One tool that helped me confront my debt head on was LearnVest, a financial planning company geared towards women. I found a new teaching job, tracked my expenses using the company’s online software, and attended its very first LearnVest LIVE financial empowerment seminar. I never paid for any of the company’s add-on services, but I did get the free 15 minute phone call from one of its financial planners. In the nicest of terms, this financial planner told me that I wasn’t being realistic concerning how quickly I wanted to pay off my debt, which leads to the second lesson.
I’ve written before about student loan debt and the rising cost of college. Here’s an interesting article about Money Magazine’s attempt to rank colleges based on affordability, quality, and earnings after graduation. It also addresses how President Obama is seeking to create a federal program that ranks colleges based on affordability in light of what is becoming a fast-brewing crisis of student loan debt.
I say yes to ranking systems taking affordability into account!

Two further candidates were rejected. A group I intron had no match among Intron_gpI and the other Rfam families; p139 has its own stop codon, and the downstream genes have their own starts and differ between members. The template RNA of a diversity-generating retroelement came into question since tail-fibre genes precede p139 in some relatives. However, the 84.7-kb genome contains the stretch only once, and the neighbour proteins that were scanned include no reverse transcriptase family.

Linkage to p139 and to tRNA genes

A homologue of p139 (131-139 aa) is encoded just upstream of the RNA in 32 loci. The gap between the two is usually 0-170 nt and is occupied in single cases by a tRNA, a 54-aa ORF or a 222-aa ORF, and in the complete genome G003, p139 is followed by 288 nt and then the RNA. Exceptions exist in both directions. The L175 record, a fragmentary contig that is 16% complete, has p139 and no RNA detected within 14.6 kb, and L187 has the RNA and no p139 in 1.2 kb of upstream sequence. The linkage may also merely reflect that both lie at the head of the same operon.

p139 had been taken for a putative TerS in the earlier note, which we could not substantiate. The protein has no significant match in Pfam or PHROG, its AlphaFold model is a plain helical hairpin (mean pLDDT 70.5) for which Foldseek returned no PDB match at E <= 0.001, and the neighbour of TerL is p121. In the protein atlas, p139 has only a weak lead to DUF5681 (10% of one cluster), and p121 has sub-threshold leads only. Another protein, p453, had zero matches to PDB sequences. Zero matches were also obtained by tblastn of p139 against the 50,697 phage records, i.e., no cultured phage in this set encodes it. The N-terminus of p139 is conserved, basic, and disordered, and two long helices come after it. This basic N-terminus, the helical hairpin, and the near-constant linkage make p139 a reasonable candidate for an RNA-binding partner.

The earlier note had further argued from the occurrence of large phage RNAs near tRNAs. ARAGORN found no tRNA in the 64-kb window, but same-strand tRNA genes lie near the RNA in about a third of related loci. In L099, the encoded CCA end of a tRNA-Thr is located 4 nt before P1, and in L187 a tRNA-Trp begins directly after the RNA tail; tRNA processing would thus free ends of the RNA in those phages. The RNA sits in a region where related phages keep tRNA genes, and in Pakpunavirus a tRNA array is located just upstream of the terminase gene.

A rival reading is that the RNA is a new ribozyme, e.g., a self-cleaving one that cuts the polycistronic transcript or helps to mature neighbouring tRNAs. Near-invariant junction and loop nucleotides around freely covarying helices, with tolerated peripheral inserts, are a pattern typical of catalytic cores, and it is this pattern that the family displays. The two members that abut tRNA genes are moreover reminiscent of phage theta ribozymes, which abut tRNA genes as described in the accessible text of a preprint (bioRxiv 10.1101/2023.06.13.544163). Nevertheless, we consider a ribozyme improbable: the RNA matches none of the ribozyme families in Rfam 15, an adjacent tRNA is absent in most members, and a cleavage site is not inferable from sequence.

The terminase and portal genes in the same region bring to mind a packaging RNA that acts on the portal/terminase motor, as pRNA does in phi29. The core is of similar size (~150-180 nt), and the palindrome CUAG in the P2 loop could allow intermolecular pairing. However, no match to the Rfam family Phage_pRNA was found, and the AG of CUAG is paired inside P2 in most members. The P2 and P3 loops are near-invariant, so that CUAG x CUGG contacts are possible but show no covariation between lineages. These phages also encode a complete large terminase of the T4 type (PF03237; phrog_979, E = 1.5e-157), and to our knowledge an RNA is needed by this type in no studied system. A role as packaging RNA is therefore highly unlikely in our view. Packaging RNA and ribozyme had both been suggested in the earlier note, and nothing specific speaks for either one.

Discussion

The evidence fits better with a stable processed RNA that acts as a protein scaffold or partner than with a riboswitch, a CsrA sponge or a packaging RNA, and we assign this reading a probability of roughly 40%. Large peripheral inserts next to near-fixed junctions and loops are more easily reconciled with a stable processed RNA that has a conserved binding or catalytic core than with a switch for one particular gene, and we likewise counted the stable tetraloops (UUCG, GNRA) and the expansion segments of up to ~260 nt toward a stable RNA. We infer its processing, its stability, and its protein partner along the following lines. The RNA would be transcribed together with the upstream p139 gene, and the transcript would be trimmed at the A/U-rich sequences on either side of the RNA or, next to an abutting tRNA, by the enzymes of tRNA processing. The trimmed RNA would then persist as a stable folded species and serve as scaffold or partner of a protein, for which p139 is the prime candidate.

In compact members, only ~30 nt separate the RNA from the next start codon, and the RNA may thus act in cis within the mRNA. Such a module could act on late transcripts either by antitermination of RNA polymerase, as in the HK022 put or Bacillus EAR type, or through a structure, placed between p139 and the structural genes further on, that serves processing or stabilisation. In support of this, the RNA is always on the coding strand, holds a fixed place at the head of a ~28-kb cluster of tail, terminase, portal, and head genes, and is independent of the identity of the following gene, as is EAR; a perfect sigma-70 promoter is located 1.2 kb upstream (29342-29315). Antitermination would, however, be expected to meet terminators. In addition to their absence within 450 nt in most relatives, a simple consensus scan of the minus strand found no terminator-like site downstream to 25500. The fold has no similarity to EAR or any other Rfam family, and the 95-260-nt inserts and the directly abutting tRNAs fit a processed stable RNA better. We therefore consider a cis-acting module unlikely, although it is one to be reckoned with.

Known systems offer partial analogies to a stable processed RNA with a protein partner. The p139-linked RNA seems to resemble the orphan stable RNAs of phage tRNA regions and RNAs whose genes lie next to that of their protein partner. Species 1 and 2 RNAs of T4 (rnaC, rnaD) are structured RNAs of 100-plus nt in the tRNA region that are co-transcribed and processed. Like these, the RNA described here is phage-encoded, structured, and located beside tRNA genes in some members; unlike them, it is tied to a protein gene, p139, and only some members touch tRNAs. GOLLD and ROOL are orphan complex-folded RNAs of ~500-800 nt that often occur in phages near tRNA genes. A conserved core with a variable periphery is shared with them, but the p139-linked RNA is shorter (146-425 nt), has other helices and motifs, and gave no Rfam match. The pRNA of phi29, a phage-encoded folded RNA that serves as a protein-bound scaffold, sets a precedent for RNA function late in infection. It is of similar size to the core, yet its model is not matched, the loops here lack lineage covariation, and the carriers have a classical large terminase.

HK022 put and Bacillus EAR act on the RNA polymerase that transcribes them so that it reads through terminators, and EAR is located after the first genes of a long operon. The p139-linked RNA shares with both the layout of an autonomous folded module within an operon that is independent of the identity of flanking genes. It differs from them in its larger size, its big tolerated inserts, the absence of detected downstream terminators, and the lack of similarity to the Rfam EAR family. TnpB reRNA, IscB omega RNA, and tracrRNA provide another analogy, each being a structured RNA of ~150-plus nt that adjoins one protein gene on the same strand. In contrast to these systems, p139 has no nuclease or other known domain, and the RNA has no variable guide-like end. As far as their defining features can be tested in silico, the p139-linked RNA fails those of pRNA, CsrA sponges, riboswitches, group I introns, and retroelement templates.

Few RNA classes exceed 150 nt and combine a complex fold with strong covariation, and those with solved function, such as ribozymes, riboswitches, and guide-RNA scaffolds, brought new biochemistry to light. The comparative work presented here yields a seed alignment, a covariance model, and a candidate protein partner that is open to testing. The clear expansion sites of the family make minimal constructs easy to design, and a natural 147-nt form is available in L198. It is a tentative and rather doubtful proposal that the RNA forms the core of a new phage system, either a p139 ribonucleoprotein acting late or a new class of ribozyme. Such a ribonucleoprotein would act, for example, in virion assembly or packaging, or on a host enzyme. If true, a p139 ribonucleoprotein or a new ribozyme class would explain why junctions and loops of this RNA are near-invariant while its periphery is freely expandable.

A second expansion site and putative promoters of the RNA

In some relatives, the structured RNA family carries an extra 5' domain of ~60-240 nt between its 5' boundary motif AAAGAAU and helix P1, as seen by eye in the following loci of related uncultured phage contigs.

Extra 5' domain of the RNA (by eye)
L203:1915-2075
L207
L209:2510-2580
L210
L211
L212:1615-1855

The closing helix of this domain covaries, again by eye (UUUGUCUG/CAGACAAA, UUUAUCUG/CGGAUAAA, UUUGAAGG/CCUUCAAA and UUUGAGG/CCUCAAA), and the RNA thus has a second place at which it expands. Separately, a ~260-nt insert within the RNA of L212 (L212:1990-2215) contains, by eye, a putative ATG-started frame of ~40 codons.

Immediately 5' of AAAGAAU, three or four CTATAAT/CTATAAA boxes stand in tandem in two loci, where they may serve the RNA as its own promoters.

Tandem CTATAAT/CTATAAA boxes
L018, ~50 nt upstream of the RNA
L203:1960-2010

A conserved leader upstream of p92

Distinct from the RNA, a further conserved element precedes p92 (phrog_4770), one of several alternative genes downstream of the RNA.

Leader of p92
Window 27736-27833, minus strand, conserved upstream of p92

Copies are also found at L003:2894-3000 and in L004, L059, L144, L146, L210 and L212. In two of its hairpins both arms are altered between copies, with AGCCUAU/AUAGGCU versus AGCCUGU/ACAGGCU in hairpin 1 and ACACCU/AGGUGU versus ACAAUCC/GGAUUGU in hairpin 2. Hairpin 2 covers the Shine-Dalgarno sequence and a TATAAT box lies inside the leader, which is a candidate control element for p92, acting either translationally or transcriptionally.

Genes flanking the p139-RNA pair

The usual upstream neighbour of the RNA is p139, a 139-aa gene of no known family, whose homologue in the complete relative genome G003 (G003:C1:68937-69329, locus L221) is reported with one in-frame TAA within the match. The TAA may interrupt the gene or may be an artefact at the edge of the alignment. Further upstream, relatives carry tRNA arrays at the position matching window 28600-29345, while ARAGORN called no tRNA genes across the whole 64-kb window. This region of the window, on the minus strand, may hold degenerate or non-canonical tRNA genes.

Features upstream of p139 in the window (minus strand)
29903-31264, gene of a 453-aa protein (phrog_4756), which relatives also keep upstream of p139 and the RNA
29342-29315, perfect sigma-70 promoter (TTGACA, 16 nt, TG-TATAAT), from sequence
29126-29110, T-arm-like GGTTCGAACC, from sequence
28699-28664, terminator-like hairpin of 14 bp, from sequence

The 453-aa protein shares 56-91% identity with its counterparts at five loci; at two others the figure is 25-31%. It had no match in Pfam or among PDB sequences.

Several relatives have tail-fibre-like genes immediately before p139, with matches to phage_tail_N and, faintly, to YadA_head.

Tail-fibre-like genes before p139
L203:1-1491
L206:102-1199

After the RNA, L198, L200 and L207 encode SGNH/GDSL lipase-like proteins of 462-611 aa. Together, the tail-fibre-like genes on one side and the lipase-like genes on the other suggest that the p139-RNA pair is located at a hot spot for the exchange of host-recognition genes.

Confessions of an Accountant: ‘I have 130K of College Debt’
This author was worse off than I was. I went to the “fancy” university because my ego said I should after working hard at school (granted, my state school’s financial aid package wasn’t amazing either; one Catholic private school I got accepted to was going to give me a nice chunk of change, but I didn’t matriculate there).
She opted for the state school and still ended up with a lot of debt.
Commentators have been writing that her priorities are still off because she’s saving for a wedding instead of putting it towards her debt. Damn, can a woman enjoy something from her paycheck??? To me, the comments smack of the same way people love to shake their fingers at anyone on public assistance the moment they pull out a cell phone at the checkout line (and, Lord have mercy, don’t let it be a smartphone).
Colleges Rattled as Obama Seeks Rating System